This was our last day on the bikes. We only had 125k to ride back to Santiago if we took the most direct route. The direct route was on highways, so we devised a more interesting route back consisting of mostly back roads. One of those roads had a noticeable discontinuity on the map, which was mildly concerning. The topographical map for the back roads seemed cool and we had some time to kill, so we decided to roll the dice and see whether or not we could actually get through.
The first 5 miles out of Vina del Mar were much more scenic than our route into town. We snaked up some hills just south of town and took in amazing views of the Pacific Ocean, Valparaiso, and Vina del Mar from up high. We hopped on the highway for a few miles before exiting in Casablanca, Chile for the beginning of our back country ride. The country roads made for great riding: hilly, curvy, and very few cars and trucks.
We managed to connect the discontinuity of the roads on the map via another back road and then proceeded up an unexpectedly mountainous region.
We meandered through a few villages after coming down from the mountains and before hopping on the highway back into Santiago.
We once again missed our exit in Santiago and found ourselves going through the longest tunnel in history. By the time we got out, we were nearly outside the city limits. We got our bearings and headed back in for attempt numero dos. As I have done the entire trip so far, I lead/navigated. Just before entering the tunnel again, Davis saw he believed to be the correct exit and decided to leave behind his fearless leader and go it alone. I´m not sure if he was more surprised to see me get to the hostel first (because of course I took the correct exit) or the single tear I cried for having been betrayed by a friend. We hugged it out and all was well.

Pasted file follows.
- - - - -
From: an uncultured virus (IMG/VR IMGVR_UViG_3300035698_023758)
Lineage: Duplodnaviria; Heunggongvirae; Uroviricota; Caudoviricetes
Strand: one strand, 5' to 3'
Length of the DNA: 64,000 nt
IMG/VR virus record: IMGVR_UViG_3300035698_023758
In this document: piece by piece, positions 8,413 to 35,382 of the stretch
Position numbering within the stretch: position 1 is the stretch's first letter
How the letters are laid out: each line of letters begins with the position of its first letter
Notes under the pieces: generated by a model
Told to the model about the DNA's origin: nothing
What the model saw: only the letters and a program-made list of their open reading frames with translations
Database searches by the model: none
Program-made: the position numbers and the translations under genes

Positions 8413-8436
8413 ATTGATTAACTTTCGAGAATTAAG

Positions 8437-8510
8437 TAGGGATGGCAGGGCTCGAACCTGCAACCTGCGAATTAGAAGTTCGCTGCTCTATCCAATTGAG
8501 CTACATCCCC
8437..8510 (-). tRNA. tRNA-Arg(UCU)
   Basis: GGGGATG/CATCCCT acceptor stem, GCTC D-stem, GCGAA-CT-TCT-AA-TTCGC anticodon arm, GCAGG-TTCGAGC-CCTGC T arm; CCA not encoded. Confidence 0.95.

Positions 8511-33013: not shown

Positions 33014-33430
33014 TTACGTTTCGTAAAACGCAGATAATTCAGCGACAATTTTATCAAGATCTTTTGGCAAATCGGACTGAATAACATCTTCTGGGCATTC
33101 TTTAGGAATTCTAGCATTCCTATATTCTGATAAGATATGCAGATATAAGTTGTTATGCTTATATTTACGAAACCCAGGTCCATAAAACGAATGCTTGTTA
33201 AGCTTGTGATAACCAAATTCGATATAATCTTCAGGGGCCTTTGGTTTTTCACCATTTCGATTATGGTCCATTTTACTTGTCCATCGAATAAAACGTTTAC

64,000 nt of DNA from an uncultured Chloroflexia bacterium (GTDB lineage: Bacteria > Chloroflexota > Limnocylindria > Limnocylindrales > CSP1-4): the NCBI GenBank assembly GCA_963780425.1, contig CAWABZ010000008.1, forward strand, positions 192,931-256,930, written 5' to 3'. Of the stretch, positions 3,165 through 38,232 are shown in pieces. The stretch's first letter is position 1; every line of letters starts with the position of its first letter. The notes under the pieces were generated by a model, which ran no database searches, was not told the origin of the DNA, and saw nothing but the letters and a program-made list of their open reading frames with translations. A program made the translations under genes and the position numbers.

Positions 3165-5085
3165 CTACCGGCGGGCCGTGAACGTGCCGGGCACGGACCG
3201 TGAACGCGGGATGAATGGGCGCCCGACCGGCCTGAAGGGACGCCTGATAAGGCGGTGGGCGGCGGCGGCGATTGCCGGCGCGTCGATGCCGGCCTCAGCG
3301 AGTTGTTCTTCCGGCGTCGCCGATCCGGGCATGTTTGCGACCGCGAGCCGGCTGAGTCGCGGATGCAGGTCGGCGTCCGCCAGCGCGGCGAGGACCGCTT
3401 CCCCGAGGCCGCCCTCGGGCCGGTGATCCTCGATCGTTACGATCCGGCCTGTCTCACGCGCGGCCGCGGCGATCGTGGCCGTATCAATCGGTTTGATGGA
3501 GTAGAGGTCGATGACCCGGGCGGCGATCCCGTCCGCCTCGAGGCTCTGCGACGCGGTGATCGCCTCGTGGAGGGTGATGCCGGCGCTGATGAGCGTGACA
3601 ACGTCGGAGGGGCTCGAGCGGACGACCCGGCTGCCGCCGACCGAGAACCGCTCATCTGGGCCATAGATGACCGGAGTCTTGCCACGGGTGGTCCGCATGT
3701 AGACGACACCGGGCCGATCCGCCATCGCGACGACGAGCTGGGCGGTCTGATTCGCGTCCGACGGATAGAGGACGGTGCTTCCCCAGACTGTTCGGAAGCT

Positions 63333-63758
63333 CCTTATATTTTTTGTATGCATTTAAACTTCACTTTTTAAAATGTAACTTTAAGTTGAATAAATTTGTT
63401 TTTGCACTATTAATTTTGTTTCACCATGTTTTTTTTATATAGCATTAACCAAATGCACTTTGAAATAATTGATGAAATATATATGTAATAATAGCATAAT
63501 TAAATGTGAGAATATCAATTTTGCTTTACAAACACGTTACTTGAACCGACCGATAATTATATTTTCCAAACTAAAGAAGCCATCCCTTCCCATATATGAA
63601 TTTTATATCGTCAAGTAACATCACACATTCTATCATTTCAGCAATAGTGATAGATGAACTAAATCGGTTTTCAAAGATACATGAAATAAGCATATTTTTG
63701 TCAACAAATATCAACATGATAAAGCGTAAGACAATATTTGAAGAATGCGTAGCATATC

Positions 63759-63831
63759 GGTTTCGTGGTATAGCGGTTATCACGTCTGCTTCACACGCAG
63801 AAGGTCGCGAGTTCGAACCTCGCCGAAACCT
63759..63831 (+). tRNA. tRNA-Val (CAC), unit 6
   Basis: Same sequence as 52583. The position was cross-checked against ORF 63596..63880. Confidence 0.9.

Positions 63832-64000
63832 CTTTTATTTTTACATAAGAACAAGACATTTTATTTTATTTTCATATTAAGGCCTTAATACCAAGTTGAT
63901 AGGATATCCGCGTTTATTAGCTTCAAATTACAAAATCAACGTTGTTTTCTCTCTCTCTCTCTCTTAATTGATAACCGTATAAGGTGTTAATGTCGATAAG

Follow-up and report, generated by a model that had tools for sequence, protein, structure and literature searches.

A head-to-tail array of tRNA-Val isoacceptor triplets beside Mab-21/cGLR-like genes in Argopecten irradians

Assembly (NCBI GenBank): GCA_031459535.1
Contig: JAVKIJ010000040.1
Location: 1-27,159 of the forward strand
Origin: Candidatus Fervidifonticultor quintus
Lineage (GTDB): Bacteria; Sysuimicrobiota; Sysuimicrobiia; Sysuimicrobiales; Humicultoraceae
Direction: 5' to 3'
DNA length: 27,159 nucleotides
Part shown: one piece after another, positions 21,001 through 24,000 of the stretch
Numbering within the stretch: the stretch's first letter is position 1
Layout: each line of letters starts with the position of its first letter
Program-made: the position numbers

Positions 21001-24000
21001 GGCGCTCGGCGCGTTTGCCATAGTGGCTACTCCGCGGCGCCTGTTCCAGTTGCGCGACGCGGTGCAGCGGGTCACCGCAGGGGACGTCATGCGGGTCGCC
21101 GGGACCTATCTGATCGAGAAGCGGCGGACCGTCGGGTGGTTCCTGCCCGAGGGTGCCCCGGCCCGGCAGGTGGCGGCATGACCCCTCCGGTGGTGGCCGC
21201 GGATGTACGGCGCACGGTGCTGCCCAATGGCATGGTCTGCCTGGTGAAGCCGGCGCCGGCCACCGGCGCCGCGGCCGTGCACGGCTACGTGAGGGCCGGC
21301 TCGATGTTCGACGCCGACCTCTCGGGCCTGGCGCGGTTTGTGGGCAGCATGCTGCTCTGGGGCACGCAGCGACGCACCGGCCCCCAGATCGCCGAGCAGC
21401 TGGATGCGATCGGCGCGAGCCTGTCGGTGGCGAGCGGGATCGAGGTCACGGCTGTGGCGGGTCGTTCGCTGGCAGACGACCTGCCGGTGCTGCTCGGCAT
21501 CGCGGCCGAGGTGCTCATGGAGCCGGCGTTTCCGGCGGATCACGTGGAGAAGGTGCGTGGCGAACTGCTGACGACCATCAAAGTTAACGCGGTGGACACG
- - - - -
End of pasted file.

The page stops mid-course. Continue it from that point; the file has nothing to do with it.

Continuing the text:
We returned the bikes to the rental place, ran/parkoured 5 miles back to the hostel (without getting lost this time), grabbed dinner, and hit the sack early in preparation for an early flight down to Patagonia.